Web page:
Anyone who enjoys a meal at a restaurant or stays in a hotel is likely to confront the question of what gratuity to give service professionals, such as waiters, bartenders, bussers, dishwashers, porters and maids. Some American hotels and restaurants have transitioned from the traditional tip system to a service charge system, which is more common in Europe. However, this only increases the need to understand the difference between employee tips and service charges.
Understanding Gratuities and Service Charges
A gratuity is a voluntary and discretionary payment that customers may make to service professionals, and it's an amount added to employee wages received. While gratuities usually show appreciation for exceptional service, some customers give intentionally small gratuities or no tip at all to show their displeasure.
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The Consumer Financial Protection Bureau suggests common tip amounts ranging from 15 to 20 percent. This money may go entirely to the service professional directly, or it could go to a tip pool if there's a tip-sharing arrangement. Depending on the situation, you might leave cash tips or have the amount added to your bill if you're using a credit card.
A service charge is similar to a gratuity only in that it's also an additional payment in a situation involving a service professional. Examples of service charges include a hotel room service charge, banquet event fee or cruise trip package fee. In addition, an automatic gratuity for a dinner would be classified as a service charge. It's important to note that a mandatory service charge may or may not deliver additional pay to the service professional.
Labor Laws on Gratuities and Service Charges
Some state laws address the difference between service charges and gratuities. This occurs when a state allows certain employers to take a credit for workers who earn the minimum wage or pay workers less than the state or federal minimum wage. The result is that service workers who earn tips may not be eligible for minimum wage protection and thus receive a lower tipped employee wage.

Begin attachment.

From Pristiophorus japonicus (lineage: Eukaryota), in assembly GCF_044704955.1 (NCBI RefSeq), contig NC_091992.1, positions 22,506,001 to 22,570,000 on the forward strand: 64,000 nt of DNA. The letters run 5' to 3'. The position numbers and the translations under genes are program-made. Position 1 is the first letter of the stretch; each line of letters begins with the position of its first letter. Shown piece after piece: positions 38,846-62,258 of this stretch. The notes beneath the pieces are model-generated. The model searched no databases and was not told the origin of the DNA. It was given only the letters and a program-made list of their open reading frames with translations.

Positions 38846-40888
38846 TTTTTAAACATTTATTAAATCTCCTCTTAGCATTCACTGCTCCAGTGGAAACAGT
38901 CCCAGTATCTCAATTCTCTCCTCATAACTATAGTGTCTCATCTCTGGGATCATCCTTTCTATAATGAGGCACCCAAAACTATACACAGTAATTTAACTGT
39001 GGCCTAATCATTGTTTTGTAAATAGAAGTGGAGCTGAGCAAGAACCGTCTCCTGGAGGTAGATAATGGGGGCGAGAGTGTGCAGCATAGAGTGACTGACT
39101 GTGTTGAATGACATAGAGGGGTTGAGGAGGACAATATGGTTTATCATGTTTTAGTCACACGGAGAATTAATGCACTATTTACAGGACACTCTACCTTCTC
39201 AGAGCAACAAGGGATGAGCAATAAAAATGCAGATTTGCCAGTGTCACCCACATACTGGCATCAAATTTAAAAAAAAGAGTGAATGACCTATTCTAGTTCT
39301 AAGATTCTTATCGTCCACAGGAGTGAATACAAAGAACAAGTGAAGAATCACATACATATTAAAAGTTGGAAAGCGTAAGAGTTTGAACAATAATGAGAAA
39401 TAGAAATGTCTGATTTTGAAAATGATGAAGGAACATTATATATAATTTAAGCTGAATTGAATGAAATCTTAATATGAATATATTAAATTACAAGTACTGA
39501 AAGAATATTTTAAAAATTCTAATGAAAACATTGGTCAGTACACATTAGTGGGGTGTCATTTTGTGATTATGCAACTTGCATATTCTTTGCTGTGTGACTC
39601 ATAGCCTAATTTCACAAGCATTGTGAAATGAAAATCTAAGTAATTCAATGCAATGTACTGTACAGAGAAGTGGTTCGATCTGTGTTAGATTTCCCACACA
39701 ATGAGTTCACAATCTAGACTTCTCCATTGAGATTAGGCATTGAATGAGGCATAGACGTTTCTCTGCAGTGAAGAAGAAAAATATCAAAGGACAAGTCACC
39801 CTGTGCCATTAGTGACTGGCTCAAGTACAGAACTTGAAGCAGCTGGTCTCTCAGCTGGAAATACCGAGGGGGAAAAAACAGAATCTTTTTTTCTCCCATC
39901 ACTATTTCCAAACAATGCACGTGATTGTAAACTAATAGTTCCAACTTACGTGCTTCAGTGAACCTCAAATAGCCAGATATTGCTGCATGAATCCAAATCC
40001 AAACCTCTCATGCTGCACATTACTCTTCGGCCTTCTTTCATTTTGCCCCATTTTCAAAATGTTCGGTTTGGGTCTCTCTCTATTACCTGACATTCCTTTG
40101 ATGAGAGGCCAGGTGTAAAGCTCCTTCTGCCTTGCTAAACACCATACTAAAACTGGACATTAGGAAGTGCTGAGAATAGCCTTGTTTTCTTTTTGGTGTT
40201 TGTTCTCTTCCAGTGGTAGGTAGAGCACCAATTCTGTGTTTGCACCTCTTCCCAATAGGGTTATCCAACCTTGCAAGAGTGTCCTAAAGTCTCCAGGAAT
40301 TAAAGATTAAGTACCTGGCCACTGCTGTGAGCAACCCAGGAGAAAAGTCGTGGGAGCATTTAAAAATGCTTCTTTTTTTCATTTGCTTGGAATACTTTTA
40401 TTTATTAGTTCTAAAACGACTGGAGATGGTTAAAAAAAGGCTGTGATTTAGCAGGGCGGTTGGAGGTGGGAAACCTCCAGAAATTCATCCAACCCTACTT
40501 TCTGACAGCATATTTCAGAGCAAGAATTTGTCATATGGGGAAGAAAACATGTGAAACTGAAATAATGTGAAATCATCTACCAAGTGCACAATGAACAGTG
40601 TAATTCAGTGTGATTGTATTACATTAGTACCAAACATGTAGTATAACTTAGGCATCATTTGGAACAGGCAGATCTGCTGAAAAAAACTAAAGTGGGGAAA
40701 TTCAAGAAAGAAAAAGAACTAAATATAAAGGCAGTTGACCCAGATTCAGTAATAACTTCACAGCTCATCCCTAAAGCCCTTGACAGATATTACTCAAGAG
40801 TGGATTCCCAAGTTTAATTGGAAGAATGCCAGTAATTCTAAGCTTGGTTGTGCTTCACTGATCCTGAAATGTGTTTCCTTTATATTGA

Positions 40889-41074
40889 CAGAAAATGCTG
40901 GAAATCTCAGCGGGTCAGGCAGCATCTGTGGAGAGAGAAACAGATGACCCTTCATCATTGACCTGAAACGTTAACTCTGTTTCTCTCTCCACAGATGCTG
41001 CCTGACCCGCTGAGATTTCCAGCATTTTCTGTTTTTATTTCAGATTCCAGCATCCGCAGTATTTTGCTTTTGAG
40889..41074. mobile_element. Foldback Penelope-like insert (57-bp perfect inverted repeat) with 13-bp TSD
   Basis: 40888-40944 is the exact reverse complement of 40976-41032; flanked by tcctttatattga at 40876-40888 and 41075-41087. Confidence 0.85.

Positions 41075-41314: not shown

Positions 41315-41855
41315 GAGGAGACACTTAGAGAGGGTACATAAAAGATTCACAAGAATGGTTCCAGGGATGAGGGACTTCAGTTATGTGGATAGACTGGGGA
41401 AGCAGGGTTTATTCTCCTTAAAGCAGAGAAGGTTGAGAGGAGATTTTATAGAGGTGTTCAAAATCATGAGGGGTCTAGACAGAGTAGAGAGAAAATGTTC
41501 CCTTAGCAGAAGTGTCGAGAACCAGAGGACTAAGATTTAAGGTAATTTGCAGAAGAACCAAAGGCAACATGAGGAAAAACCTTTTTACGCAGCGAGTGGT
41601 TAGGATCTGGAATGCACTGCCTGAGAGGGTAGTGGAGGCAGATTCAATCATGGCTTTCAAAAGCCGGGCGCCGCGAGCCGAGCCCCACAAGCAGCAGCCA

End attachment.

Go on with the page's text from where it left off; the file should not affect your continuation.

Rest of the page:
Per federal law, if employers collect service charges, they may not claim tip credits or pay their workers less than the minimum wage, mentions the U.S. Department of Labor. This remains the case even if they deliver the service charge earnings to workers as supplemental pay.
Labor laws also require employers to deliver electronic payment method gratuities to service professionals within one pay period.
Tax codes also deal with gratuities and service charges. According to the IRS, workers who earn tip income must report it to their employer, who is responsible for withholding income and FICA taxes from gratuities as well as regular wages. Tipped employees must then report their income from electronic and cash tips as part of their taxable earnings on year-end tax returns for state and federal income taxes.
Workers only pay taxes on service charges if and when they receive them as payment. This occurs when an employer distributes these nontip wages to service workers at the end of a day, week or pay period. The Washington State Department of Labor & Industries explains that service charge income given to employees is also subject to tax withholding.
All employee earnings and withheld taxes will be included in the relevant boxes on the Form W-2 that employees receive at tax time.
Considerations for Tips and Service Charges
The differences between service charges and gratuities matter to customers as well as business owners and service workers. Except for restaurants, where customers can add gratuities to their bill, many gratuities are paid in cash, which requires customers to travel with small bills to provide tips as needed. Service charges eliminate the need to carry cash as well as the need to compute an appropriate gratuity on the spot.
On the other hand, service charges remove the opportunity for a customer to recognize poor or excellent service by changing the amount. Therefore, OpenTable suggests leaving a tip for good service in addition to paying the service charge, especially if the charge isn't at least 20 percent of your bill.
- Consumer Financial Protection Bureau: Figuring Out How Much to Tip
- IRS: Topic No. 761 Tips – Withholding and Reporting
- U.S. Department of Labor: WHD Opinion Letter FLSA2021-5
- Washington State Department of Labor & Industries: Tips and Service Charges
- OpenTable: What You Need to Know About Tipping at Restaurants Today: How Much, When, and Why